“You and your partner(s) can each make your own list, then compare lists to figure out what you might want to add to your sex lives,” says Dr. Queen. If both of your lists slot “role-play” in either the “Yes” or “Maybe” column, you can use that as a stepping stone to talk about what elements of sexual role-play intrigue you and why, and to share role-play fantasies.

4. Discuss role-playing in more detail

There’s a B-I-G difference between dirty talking in a fake British accent and greeting a partner in bed with a stethoscope around your neck and latex gloves sheathing your hands. In other words, agreeing to role-play with a partner isn’t enough to get started; you need to get specific about who, why, and when you’ll be role-playing, says Dr. Queen.

To do so, consider asking each other the below questions:

  • What are some names you do (or do not) want to be called?
  • What are some costumes or outfits you want to wear (or take off me)?
  • What tone of voice do you want to use (or hear)?
  • When is the scene over?
  • How will you signal if you want to exit the scene early?
  • What aftercare practices should we implement after trying this?

“As with any new sexy thing that you want to try, being direct and honest with your lover is usually the best approach,” says Deysach. Let them know what you want to experience, and give them an opportunity to share their desires, too.

If they express hesitation, avoid pressuring them to say “yes,” but don’t give up all hope, either, says Deysach. “You might instead offer [role-play] as something to think about and then plan to revisit it in the future.”

5. Get educated on safe role-play practices

If your role-play fantasy veers into BDSM territory—for example, involving power imbalance, consensual non-consent, choking, breath restriction, or the like—you’d be wise to spend some time learning about how to safely explore these kinks before acting, says Dr. Queen.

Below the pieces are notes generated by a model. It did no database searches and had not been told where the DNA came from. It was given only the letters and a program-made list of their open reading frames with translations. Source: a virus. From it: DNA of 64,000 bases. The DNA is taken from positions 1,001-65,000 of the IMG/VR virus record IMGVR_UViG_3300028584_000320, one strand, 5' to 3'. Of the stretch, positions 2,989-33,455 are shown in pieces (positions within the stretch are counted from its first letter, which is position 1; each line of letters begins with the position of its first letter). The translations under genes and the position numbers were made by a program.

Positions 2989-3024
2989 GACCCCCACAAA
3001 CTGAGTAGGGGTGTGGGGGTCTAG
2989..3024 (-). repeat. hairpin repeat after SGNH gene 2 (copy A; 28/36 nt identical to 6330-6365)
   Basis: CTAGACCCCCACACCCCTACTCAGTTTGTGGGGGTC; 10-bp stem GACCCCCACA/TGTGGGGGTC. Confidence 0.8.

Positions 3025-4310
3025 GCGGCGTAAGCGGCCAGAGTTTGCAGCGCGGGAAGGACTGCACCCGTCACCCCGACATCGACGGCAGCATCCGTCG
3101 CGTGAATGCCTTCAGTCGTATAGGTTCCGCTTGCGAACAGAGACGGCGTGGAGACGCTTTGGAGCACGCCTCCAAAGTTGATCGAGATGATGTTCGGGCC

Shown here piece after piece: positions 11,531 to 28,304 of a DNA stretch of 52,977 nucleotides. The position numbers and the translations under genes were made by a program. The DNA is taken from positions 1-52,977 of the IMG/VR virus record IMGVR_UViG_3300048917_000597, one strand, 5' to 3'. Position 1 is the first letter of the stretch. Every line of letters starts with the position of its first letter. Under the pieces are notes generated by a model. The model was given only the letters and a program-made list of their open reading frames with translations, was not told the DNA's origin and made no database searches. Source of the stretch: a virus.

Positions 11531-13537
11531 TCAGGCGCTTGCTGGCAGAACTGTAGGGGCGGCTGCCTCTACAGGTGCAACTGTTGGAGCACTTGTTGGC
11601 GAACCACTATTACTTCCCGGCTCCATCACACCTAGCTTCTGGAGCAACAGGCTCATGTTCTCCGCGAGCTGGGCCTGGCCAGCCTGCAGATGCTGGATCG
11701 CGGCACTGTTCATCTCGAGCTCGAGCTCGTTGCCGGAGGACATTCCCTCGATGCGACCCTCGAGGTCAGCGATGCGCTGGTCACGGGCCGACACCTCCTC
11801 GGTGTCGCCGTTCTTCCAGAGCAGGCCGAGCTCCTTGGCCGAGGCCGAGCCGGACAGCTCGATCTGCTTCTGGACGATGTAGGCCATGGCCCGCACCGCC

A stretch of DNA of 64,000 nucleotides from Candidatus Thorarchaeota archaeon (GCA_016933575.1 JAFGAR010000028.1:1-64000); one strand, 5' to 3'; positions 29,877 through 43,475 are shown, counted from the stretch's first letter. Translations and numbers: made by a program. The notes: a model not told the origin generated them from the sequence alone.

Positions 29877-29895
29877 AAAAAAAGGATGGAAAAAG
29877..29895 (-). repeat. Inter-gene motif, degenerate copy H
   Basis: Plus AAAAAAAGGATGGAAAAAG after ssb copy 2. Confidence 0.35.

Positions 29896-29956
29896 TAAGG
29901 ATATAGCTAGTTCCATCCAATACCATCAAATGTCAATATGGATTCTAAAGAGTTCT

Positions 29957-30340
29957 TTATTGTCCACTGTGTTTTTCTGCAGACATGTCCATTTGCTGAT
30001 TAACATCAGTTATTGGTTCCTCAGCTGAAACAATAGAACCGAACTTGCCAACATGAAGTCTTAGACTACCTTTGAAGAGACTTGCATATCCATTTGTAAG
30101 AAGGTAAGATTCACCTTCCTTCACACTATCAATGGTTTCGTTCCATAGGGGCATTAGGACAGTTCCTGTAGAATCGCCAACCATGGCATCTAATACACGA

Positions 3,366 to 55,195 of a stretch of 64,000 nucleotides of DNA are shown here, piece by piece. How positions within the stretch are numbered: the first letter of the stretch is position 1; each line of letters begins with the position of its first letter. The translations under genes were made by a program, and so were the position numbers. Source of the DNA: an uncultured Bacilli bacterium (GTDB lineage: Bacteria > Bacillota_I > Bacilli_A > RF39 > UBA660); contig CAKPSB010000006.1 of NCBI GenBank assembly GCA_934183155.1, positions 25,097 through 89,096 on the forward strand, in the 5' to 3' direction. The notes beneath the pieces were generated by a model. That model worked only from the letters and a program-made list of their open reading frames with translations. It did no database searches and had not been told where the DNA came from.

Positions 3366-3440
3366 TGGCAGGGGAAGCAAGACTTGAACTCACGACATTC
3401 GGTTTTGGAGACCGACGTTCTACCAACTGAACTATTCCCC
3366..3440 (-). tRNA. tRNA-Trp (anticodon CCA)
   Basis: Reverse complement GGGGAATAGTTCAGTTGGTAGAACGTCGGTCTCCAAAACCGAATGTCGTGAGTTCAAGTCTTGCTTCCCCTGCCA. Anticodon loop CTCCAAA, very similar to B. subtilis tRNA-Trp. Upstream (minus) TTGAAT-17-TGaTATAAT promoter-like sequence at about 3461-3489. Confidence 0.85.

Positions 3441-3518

The book The Ultimate Guide to Kink: BDSM, Role Play and the Erotic Edge by Tristan Taormino and the podcast Why Are People Into That?! with Tina Horn are good starting points. You might also look into taking an online or in-person workshop on the topic of role-play or BDSM from a sex-positive sex education brand like Babeland, Hacienda, or Velvet Lips, or from sex therapist Rachel Wright, LMFT.

6. Order any on-theme props you might need (or want)

No, you don’t need to drop coin on a sexy costume, nor do you need to order an on-theme dildo to match your role-play fantasy. But that doesn’t detract from the fact that these detail-oriented additions can certainly add to the overall experience, taking it from cerebral to corporeal. So, if you have rainy-day savings, fund your fantasy by ordering, for example, a tentacle dildo or a nurse get-up.

7. Keep it simple

If you want your sexual role-play experience to be as elaborate as, say, a Games of Thrones set, go for it. But it’s also important to acknowledge that it doesn’t have to be. Phew. “You and your partner can have a role-play experience where you do not change anything from your typical sexual encounter except what you wear or what you call each other,” says Dr. Queen.

For your first time, in particular, it may be useful to remove the pressure of setting the scene or deviating drastically from your typical sexual setup, and just keep it simple, instead, says Dr. Queen. This can help you avoid feeling overwhelmed (which is not exactly a sexy emotion).

8. Start digitally

Virtual sex isn’t just a good option for when you’re navigating a positive COVID test or just being COVID-conscious; it’s also a great medium for experimenting with role-play for the first time.

“Many may find that slipping into a new role in the digital realm can be very fulfilling,” says Deysach. Text, in particular, can be a good modality for role-play beginners because it gives everyone involved the gift of time between responses to craft a scene and dialogue that feels hot and well-aligned with the roles in question. Just make sure you and a partner agree on when you'll be starting the virtual role-play ahead of time so that they know what is going on when they start receiving texts from a new persona, Deysach adds.

9. Consider working with a sex professional

Single? Polyamous but don’t have a partner who is game for role-play? Consider hiring a sexuality professional, suggests Deysach. Phone-sex operators, virtual doms/dommes, and in-person sex workers are very skilled at role playing and can help facilitate the role-play scene of your dreams, she says.

A professional is a particularly sound option for individuals who have a very specific fantasy they want to act out, as well as those who want to make love to a very particular character, adds Deysach. After all, so long as it respects the sex professional’s boundaries, the scene you enact doesn’t have to align with their sexual tastes in the way that it would with those of a sexual partner.